A: I have never been asked for information about subject coverage in primary from a secondary school. Recently, we have been asked to provide examples of pupil work, though. I think this is a good idea. If teachers from both sides were to discuss this sort of information about curriculum coverage during a link meeting, I think it would work really well, so long as it was not left too near to the end of the summer term since it is such a very busy time for Year 6 pupils and teachers.

M: We should both try to make it happen with our respective schools.

You mentioned the Sats before – one thing we always wonder about at secondary school is how much time is spent on the foundation subjects in Year 6. Do you think the pressure of exams means that some schools are leaving subjects like history and geography on the back burner, with it then having a negative impact on transition?

A: I think coverage of foundation subjects, at least in my school and fellow academy trust schools, is much better than formerly. And certainly, I have really pushed the boat out to provide a broad and balanced curriculum this year. To be honest, though, it depends a bit on the Year 6 cohort.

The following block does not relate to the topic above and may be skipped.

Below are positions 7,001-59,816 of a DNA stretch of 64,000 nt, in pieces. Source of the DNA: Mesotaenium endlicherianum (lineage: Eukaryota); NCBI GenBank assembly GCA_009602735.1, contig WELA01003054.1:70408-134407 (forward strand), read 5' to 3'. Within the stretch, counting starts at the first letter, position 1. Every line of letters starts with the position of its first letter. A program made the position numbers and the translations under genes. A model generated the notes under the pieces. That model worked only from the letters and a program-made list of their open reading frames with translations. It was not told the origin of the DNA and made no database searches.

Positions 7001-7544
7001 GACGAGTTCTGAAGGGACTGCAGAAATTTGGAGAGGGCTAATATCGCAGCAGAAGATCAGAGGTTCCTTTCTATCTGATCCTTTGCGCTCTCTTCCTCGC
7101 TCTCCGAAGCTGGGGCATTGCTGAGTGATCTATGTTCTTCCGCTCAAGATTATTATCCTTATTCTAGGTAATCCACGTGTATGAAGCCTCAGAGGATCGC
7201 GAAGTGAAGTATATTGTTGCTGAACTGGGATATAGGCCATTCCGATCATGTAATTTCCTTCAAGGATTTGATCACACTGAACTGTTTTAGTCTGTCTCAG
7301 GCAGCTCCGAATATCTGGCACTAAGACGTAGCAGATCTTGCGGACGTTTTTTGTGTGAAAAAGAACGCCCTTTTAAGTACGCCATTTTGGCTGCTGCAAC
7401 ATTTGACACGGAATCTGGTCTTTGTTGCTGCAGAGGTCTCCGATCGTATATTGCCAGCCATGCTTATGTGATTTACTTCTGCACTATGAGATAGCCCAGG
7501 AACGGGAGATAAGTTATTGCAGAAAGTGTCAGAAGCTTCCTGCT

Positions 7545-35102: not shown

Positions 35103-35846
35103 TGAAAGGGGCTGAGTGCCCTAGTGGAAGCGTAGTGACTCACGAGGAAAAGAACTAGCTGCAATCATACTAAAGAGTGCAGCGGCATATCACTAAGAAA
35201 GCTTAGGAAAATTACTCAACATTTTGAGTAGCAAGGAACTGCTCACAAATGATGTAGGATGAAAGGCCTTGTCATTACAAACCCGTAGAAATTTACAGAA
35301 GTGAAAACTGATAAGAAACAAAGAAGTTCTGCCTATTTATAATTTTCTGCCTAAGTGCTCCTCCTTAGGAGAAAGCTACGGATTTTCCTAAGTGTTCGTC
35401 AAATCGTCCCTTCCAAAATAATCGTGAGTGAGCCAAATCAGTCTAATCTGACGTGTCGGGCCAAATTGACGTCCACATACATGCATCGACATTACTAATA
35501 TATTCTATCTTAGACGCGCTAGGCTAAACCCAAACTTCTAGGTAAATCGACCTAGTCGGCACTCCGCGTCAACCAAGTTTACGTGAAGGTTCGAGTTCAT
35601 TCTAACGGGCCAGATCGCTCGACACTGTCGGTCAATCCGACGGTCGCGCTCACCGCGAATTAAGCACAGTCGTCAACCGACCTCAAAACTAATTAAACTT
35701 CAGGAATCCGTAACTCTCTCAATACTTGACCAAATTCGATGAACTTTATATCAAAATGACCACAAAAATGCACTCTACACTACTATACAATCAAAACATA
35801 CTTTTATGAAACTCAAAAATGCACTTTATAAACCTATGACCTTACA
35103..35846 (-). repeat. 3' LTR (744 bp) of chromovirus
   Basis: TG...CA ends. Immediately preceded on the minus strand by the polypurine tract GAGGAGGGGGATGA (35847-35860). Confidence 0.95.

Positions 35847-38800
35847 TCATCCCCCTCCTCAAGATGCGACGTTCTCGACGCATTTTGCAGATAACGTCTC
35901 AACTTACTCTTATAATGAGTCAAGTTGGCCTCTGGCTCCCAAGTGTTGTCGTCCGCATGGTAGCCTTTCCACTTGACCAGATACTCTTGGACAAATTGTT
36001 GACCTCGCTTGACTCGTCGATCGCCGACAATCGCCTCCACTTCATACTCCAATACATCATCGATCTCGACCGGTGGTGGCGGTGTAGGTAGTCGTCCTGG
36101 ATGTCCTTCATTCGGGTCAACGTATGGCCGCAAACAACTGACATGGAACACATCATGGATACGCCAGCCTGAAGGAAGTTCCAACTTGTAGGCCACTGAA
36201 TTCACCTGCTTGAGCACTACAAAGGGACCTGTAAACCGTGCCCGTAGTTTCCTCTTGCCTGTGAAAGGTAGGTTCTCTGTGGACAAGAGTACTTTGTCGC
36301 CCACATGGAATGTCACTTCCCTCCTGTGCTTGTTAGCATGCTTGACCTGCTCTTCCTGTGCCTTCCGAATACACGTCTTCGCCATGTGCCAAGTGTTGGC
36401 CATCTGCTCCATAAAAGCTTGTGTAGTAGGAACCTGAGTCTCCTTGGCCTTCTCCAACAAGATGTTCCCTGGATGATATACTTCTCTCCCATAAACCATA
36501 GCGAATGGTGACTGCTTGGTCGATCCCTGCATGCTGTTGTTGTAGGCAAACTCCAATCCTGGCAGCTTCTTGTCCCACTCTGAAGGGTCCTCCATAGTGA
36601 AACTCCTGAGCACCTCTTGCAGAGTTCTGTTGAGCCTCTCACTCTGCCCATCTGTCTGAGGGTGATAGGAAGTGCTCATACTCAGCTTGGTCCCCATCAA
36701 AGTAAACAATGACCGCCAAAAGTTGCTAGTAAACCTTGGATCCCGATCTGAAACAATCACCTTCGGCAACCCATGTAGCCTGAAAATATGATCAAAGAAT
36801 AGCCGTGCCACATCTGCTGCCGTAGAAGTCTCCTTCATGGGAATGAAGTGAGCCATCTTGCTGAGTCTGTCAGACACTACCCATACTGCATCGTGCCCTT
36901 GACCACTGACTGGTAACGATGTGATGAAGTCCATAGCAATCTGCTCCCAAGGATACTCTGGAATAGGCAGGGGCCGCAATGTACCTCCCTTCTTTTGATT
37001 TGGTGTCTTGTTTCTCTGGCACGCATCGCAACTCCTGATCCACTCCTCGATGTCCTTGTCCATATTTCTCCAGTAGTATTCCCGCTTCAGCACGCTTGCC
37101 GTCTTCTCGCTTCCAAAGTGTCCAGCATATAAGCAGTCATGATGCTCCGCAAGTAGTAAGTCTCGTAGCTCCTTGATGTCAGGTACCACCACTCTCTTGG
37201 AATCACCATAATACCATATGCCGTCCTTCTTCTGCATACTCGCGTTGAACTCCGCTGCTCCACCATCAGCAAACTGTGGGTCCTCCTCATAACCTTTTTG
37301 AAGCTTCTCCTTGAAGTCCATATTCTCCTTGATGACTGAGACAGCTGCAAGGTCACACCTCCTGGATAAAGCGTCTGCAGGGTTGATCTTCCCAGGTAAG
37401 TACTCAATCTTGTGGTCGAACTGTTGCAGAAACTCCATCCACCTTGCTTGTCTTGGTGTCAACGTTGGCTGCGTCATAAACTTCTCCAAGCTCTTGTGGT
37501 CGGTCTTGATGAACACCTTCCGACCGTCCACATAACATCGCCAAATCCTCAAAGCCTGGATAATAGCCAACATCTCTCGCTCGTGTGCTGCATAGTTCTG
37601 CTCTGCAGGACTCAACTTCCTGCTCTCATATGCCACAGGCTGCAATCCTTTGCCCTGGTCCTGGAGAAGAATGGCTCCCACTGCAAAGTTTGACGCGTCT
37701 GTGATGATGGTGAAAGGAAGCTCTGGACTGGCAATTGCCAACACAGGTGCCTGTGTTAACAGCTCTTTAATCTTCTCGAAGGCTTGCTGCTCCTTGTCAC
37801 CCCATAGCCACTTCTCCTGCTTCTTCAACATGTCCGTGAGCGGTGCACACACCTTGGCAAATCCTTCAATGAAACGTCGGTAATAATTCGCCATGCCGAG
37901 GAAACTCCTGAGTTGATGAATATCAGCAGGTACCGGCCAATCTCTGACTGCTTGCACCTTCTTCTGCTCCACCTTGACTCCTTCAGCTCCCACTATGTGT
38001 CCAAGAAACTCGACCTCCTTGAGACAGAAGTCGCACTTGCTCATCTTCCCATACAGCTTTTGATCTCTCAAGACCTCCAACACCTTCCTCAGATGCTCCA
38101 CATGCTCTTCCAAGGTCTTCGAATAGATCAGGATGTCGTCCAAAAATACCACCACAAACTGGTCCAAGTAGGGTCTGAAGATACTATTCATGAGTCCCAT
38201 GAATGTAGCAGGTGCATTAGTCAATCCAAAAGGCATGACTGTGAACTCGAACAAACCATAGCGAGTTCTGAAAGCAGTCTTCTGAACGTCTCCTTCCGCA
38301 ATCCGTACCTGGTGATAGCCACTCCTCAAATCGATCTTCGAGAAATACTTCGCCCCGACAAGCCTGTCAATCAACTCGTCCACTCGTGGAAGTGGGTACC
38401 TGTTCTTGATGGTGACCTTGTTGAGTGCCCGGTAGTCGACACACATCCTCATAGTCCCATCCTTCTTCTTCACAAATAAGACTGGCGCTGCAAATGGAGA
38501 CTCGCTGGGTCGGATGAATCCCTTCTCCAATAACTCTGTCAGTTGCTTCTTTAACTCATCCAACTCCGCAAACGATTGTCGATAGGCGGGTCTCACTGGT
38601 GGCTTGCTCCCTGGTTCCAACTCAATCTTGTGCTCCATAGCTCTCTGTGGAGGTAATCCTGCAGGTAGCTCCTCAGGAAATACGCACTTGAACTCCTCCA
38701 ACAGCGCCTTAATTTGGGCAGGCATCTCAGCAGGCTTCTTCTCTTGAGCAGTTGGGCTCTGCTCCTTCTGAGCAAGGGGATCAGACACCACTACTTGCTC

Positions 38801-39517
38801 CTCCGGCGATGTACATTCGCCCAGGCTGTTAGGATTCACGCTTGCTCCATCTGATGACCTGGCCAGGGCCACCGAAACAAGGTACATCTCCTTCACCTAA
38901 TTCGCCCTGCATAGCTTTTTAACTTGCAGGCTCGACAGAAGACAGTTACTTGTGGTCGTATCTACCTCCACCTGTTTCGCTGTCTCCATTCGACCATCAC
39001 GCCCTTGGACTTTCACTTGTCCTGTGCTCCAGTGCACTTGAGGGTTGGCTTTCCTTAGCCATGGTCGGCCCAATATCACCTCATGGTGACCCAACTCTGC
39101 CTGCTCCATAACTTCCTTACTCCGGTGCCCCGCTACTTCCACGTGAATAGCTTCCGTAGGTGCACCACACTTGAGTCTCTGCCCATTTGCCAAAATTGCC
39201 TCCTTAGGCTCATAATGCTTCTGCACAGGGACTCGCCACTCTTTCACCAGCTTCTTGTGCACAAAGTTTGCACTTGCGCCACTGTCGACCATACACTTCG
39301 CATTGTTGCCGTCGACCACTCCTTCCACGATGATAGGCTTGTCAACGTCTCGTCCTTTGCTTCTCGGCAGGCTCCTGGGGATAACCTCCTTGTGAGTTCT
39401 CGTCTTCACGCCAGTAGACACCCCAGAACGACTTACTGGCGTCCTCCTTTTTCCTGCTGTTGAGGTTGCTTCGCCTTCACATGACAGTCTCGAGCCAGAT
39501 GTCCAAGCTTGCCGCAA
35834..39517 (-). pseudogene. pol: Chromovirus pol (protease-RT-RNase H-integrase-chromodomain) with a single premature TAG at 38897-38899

Last year, I had a very poor Year 6, so more foundation time was reallocated to maths and English revision. What is your view on Sats, as a secondary teacher?

M: I know this is contentious, but do you think secondary schools can trust the data coming in from KS2 tests? Pupils tell us that they don’t think it is reliable – that they were just drilled in exactly what to write or had a teaching assistant sat next to them telling them what to put. How much of this do you think actually goes on? Is it reliable enough for us to make any kind of judgement?

A: You can certainly trust the data from my school. I have never experienced any cheating during Sats, and I have worked in four primary schools. I know this is a contentious issue, and I genuinely get upset when I hear teachers wondering if Year 6 teachers have massaged the writing-assessment data. I think more external moderation is the only way of erasing the doubts on this issue. And I think that, sometimes, a perceived mismatch between data and the child in front of the secondary teacher may well be down to differing performance levels due to transition.